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When everyone agrees with taking a knee

September 28, 2009
By MIKE MATHISON, Sports editor

I never remember a coach taking a knee on an extra point during my years playing high school football.

We whipped our share of opponents and our coach always had the PAT kicked. I'm not sure taking a knee was even discussed.

I have seen it done in the Valley a good bit.

I have no problem with it.

If a team is leading 49-0 and takes a knee, that point means a lot mentally for the team getting shut out.

Getting beat 49-0 sounds better than 50-0.

It's the same reason why things cost $49.95 and not $50.

It's why you feel better about buying gas that is $2.39.9 instead of $2.40.

A handful of people told me about this story you are about to read and thought it would be good for this column.

Fortunately, I had already read about it and knew it was perfect for this space.

Thamail Morgan took a kickoff and did what he does best - avoid tacklers. He was heading for a touchdown with his team leading 34-16 and the game almost over.

Morgan stopped at the 2-yard-line, took a few steps back and took a knee at the 5.

His team, Cave City, beat visiting Yellville-Summitt 34-16.

But, that's the final part of the story.

There are stories within the story.

Yellville-Summit is a combination of two small rural schools which allows them to field a football team. That also means there are not a lot of players in uniform each week. The schools are in the northern part of Arkansas.

On Sept. 11, the day of its game with Salem, a prep rally was held for the players at Yellville-Summitt. After the rally, four players jumped into the bed of Kymball Duffy's truck and headed to his house for a pre-game meal.

Apparently as Duffy came over a hill he came upon a pile of debris in the road, swerved to avoid it and lost control of the truck.

The quartet of players in the back were thrown from the truck and three suffered minor injuries. A fourth had a stay in the hospital, but has since been released.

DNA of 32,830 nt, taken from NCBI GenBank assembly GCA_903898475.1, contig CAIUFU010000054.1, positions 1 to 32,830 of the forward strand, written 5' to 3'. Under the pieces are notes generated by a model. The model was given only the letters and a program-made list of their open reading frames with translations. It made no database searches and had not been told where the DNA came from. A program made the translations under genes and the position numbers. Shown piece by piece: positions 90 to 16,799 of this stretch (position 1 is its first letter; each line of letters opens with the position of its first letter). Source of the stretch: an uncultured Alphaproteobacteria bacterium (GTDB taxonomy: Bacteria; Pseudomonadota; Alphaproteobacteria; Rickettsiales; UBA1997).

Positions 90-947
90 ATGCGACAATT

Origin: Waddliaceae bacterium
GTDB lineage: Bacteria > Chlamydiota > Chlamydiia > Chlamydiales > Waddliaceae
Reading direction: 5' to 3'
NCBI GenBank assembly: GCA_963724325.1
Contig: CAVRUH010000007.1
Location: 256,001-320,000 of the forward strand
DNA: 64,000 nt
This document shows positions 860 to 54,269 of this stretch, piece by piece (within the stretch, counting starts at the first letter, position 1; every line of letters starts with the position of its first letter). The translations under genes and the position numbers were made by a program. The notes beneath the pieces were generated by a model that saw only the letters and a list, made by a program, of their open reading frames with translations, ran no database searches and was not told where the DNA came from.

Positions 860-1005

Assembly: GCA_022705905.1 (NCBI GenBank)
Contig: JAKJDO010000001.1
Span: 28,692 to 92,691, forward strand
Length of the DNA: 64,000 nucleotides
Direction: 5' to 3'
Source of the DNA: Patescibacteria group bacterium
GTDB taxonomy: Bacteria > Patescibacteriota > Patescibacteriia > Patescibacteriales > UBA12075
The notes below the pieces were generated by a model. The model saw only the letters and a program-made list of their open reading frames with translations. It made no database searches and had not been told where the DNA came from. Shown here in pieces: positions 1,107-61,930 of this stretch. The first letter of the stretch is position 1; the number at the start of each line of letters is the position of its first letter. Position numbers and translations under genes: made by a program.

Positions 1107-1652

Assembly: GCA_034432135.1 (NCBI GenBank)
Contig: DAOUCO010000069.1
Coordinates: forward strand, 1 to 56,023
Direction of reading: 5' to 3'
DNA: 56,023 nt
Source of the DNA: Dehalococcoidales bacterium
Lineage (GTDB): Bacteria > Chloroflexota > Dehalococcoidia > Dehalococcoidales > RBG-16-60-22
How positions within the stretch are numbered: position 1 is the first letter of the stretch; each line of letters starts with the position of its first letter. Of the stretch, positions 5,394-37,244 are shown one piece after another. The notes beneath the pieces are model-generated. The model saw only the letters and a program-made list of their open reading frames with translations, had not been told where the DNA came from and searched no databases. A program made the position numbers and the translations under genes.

Duffy was dead about a half-mile from his home.

The game with Salem was canceled.

One week later, players from both teams met at midfield before the game for a moment of silence. All players wore a No. 72 decal - Duffy's number - on their helmet.

Cave City was leading 21-0 in the first quarter.

"I did not know what to expect due to the tragedy,'' coach Jon Bradley said. "You go into the game wanting to win, but then, you feel bad doing it. When we went up 21-0 in the first quarter, I just can't explain how I felt. The atmosphere was so weird. I just can't explain it.

"They (his players) told me on the sidelines that Yellville-Summit was not into it and they did not want to pad stats or run up the score. At that time, I started substituting our kids in and out of the game.

"Everyone was glad that they were out there playing, getting some sort of return to normalcy. But everyone was going to be glad when it was over.

"I talked with coach (Calvin) Mallet earlier in the week and before the game. He let me know that if the game was to get out of hand, he simply did not have the players to substitute due to his numbers. So, I knew that when I pulled our guys, that there was a chance they would score."

Then came that kickoff.

"We didn't even think they would kick off," Bradley said. "And we had him (Morgan) all the way back. It was our top return team, but we only have one return team.